Bottle of vitamin pillsThe following is a listing of vitamins and minerals complete with a brief discussion of their function in your body, what foods supply the particular micronutrient, and the Recommended Dietary Allowance (RDA) - which is a reference number developed by the United States Food and Drug Administration to help consumers determine how much of a specific micronutrient a food contains. A summary of the RDAs for vitamins is presented in Table 5.3 (below). (The equivalent table for minerals is not shown in this excerpt.) Notice that RDAs are frequently gender and age dependent, and pregnant and nursing women most often have special micronutrient needs.

    Because of the rapid expansion of scientific knowledge regarding the role of micronutrients in human health, the U.S. Food and Drug Administration, in partnership with Health Canada, periodically assesses and updates the recommended Daily Values. The following contains the recommended RDAs as of April 2006 for the vitamins and minerals discussed.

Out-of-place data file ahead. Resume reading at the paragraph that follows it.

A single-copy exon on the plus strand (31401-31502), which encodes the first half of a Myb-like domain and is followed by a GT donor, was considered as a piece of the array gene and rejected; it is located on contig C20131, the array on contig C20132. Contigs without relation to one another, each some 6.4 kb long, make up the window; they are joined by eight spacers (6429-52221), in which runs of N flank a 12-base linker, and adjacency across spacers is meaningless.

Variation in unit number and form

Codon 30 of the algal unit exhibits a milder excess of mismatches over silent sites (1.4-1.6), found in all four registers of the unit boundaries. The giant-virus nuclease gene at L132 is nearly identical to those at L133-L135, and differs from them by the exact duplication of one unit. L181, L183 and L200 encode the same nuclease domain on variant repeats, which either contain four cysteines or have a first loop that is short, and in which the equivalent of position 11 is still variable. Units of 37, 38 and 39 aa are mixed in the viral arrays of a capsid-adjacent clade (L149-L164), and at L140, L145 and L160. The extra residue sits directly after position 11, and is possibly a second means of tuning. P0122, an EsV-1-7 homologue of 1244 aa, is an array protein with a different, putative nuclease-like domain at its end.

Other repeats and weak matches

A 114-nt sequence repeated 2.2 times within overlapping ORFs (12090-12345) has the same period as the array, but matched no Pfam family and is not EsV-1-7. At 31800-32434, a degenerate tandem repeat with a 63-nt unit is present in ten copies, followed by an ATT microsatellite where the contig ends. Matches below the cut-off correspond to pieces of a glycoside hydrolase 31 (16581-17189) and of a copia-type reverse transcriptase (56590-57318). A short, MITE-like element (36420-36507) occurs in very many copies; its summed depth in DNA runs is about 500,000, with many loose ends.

Photo of dairy foods that contain vitamin AVitamin A is a collection of fat-soluble compounds that play an important role in vision, bone growth, reproduction, cell division, and help prevent or fight off infections. Vitamin A also promotes healthy surface linings of the eyes, respiratory, urinary, and intestinal tracts, and also helps maintain the integrity of skin and mucous membranes. Using the long-established International Unit (IU) measure for the recommended dietary allowance (RDA), adult men and women need 3,000 and 2,330 IU (as retinol) per day respectively. However, the new RDA measure for vitamin A is the microgram (mcg), which translates for men and women as 900 and 700 mcg per day. Foods rich in vitamin A are orange-colored vegetables such as carrots, sweet potatoes and pumpkin; dark-green-leafy vegetables like spinach, collards and romaine lettuce; and orange-colored fruits such as mango, cantaloupe and apricots; and red peppers and tomatoes. One medium-size carrot supplies approximately 270 percent of your RDA.